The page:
Data collected and analyzed by the Office of Inspector General (OIG) since 2010, indicate that home health agencies (HHAs) are predisposed to commit Medicare fraud, waste and abuse. In 2010, Medicare inappropriately paid $5 million for erroneous claims submitted by HHAs. With one in four claims being suspect, the OIG established six (6) criteria that identify HHAs submitting potentially fraudulent claims and/or employing questionable billing practices. Primarily, these criteria are based on higher than average payments, visits, late episodes, therapy visits and Medicare payment amounts per beneficiary, as well as a higher than average number of beneficiaries.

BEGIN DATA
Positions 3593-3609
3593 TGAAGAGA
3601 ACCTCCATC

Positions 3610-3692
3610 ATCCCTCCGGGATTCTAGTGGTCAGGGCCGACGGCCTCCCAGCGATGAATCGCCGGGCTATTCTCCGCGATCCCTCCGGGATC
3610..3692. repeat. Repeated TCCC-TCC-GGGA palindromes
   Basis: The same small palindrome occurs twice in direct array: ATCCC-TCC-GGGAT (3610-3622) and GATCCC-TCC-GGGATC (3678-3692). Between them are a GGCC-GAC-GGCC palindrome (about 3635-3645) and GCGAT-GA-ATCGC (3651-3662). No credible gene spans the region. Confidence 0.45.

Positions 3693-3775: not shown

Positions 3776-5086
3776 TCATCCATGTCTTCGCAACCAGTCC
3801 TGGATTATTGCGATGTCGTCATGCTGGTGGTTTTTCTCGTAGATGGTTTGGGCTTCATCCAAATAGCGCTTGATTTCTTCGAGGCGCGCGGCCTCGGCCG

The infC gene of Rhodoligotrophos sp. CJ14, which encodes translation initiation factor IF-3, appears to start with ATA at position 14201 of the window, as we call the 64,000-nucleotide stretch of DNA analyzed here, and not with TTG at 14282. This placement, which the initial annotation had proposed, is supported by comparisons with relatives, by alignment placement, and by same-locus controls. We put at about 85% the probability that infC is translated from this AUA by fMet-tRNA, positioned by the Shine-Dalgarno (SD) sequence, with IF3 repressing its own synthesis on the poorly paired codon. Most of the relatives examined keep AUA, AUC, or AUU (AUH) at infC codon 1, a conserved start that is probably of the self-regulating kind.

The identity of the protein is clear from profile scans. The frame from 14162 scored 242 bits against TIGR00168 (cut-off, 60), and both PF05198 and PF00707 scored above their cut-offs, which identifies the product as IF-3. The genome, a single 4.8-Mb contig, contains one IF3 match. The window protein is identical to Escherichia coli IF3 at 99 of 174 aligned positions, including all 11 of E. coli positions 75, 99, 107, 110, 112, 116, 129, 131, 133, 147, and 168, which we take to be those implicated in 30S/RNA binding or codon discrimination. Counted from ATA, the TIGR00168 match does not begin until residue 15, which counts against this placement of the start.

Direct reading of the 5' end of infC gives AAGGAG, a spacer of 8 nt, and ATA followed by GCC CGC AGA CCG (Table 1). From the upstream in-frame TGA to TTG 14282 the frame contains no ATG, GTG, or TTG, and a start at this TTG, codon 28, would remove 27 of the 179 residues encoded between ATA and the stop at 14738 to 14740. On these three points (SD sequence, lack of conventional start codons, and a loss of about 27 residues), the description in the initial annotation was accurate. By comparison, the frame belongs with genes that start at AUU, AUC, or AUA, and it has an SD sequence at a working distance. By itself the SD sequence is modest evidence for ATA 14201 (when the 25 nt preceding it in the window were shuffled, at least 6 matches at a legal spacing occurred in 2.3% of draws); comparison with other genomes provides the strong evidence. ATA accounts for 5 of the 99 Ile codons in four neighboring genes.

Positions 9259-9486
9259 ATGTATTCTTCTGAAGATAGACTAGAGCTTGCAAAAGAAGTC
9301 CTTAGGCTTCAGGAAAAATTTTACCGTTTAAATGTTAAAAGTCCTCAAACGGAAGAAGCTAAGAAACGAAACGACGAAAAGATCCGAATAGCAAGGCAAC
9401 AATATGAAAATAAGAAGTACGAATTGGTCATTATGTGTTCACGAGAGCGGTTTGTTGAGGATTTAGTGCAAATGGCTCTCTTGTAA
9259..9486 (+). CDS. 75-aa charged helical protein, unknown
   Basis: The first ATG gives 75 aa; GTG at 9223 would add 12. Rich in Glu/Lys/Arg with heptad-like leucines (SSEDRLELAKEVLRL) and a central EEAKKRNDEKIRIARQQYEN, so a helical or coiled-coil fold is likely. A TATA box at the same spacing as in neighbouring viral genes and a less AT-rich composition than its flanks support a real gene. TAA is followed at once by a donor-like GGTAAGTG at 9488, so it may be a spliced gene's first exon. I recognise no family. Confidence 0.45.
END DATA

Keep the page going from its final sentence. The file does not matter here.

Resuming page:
The results have motivated the OIG to recommend to the Centers for Medicare & Medicaid Services (CMS) that it encourage Medicare Administrative Contractors (MACs) to increase monitoring of the claims processed utilizing the six (6) identifiers, and to enforce the remedies of lower payment caps and fewer HHA enrollments in certain geographic areas. Interestingly, eighty percent (80%) of the HHAs with questionable billing were located in Texas, Florida, California and Michigan.
The goals of this new initiative by the OIG and CMS/MACs are to identify and reduce reimbursement abuse by HHAs and to increase and ensure the quality of services being provided to HHA beneficiaries.
The complete report by Daniel R. Levinson, Inspector General, can be accessed here.
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